Piano and Fuksas: Transcending the Boundaries of Architecture in Rome

Keenan, Annabel

Emory University, Georgia, US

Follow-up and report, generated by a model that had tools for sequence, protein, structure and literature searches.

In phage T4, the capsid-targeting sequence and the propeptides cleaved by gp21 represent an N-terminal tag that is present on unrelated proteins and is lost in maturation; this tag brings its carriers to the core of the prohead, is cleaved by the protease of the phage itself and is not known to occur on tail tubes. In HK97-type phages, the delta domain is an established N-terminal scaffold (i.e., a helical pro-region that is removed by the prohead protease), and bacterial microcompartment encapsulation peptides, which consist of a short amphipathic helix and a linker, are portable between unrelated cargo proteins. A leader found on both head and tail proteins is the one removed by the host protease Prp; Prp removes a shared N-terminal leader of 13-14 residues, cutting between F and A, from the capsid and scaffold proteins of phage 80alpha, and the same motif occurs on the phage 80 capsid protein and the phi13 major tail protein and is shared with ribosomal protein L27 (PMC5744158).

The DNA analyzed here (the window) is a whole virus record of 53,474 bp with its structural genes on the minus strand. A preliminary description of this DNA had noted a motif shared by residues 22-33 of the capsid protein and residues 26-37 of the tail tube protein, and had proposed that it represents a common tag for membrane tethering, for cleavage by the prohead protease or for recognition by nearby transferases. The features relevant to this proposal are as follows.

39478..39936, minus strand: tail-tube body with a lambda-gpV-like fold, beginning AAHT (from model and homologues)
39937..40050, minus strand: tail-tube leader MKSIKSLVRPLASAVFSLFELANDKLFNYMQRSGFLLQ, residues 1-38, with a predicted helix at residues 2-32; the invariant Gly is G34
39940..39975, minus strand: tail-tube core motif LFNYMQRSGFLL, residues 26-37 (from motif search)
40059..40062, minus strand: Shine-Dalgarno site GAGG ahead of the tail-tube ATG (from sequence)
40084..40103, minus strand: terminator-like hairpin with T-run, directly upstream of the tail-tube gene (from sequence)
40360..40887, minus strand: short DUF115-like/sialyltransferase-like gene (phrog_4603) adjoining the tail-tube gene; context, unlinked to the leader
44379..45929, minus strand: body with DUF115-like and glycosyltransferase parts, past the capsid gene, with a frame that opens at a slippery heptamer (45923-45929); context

The urban identity of Rome is a complex amalgamation of a series of historical aesthetics in which modern architects, those currently working and not necessarily concerned with the ideals of Modernism, struggle to gracefully intervene. Rather than impose modern aesthetics into the historical setting, architects must work with and around the limitations of their own field. In the years since 1945, these boundaries have been expanded into the spheres of sculpture and painting. This innovation is strengthened with the concepts of formlessness and un-volumetric architecture. In such cases, buildings become social tools that create psychological and physical relations and thus surpass the traditional constraints of built environment. Two such buildings in Rome are Renzo Piano’s Auditorium (2002) and Massimiliano Fuksas’ Congress Center (2011). Their designs manipulate space, energy, and visual comprehension to devolve the physical quality of architecture and create a new undefined space separate from the historic area. Through a study of these buildings, supplemented by an exploration of The Blur Building (2002) in Switzerland, this essay seeks to exhibit the way in which formlessness and un-volumetric architecture can be used to integrate historic and contemporary architecture in Rome.